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Planning for Tariffs of Yesterday and Today

Similar to today, the Roaring 1920s saw rapid technological change with cars and electricity. This created a farm surplus as fewer horses consumed less feed. Prices fell, and farmers complained of foreign competition.

Herbert Hoover promised higher tariffs in his 1928 presidential campaign. He won, and the House passed a tariff bill in May 1929. The Senate was still debating its version of the bill when the stock market crashed in October 1929. Today, we use that event to mark the Great Depression’s beginning, but at the time, people didn’t know they were in a depression or even a recession. Most economists expected a quick recovery. Stocks did recover quite a bit in the following months, though not back to their prior highs.

When the Senate finally passed a tariff bill in March 1930, the thinking was not that different from what we see today. They thought they could preserve and even extend the good times. But conditions quickly worsened, and by 1931, unemployed men were standing in soup lines. In 1932, both Smoot and Hawley lost their seats as Franklin Roosevelt beat Hoover in a landslide—57% of the popular vote. The dust bowl to follow in the 1930s brought severe dust storms that killed off livestock and crops, which only made the economy that much worse.

That history won’t necessarily repeat this time, but it’s worth noting as we venture into the continued tariff talks with China. No one can predict what will happen, or when, even using history as a guide. Instead, these are times to make sure that your financial plan is in place, and your retirement income is accounted for when we enter tougher times in the markets. Do you have an emergency fund of cash and bonds to use if stocks go down? If you have to sell your stocks in a down market, this could impact your exposure to a recovery when stocks move back up.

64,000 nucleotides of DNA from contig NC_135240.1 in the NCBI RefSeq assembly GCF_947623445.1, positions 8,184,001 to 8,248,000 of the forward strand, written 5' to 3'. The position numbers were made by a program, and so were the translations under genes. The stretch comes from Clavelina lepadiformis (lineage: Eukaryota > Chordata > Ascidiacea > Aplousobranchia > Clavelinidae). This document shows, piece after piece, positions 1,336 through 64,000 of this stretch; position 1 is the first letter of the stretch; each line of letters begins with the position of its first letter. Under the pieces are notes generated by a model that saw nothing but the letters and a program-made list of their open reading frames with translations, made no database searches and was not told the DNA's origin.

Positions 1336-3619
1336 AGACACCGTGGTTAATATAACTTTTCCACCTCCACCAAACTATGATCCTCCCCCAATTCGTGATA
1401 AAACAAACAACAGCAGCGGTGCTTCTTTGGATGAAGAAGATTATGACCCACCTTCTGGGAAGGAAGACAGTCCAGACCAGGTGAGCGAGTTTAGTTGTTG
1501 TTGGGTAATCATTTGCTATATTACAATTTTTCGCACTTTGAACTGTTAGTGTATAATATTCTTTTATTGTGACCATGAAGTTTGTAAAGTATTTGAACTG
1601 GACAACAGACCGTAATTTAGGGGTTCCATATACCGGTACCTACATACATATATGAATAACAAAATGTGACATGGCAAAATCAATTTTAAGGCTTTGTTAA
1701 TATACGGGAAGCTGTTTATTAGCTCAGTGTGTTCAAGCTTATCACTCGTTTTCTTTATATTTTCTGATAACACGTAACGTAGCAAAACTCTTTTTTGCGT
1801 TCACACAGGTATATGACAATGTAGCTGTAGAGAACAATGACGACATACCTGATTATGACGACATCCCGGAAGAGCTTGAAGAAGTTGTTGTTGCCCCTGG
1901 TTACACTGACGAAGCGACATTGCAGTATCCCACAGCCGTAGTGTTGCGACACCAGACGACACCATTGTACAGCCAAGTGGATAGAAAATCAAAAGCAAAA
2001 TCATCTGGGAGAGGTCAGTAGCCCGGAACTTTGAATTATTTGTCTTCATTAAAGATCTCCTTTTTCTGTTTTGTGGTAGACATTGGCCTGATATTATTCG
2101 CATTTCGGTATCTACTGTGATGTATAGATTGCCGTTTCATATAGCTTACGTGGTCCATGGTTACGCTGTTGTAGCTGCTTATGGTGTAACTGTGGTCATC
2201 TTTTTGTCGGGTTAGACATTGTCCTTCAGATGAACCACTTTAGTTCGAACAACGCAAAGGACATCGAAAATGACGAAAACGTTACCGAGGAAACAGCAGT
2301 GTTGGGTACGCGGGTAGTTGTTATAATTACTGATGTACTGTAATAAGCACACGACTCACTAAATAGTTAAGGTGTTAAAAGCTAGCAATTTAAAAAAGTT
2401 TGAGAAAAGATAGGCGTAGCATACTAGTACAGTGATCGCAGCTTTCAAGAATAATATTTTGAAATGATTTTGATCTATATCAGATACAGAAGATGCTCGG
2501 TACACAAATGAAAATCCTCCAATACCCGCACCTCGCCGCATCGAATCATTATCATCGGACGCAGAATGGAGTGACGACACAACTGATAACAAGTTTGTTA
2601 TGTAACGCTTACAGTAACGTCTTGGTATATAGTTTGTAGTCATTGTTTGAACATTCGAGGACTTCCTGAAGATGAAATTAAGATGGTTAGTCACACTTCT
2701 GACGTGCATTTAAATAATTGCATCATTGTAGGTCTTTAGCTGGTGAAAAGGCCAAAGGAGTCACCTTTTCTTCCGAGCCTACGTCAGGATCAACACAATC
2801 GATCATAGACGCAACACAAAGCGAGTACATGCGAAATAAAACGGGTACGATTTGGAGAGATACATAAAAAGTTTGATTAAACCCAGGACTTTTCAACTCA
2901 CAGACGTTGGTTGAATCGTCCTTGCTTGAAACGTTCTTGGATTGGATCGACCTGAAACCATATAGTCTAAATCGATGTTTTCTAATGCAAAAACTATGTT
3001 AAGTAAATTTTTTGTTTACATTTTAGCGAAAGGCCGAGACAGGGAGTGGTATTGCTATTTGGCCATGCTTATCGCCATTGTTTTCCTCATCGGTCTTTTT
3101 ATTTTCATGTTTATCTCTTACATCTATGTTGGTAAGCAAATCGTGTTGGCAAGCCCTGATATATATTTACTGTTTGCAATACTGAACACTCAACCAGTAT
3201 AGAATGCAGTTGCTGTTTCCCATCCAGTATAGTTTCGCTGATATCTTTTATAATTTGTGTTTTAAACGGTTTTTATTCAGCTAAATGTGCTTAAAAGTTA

In Chapter 7 of Your Insiders’ Guide To Retirement, titled ‘Make Your Plan Adaptable’, we talk about how goals are what make your personal plan unique, and how they should be the focal point of your plan. The rationale is that most markets recover, given time. As a result, plans recover and function just fine. However, a good plan will also have the ability to make mid-course adjustments after reviewing your holdings, asset allocation, risk, and expenses.

Financial planning is a part of building the life you want. You can design the best years of your life and do the things you want to do when you build a plan with priorities and expense ranges. You’ll be prepared for anything that life throws at you, including tariff tweets!

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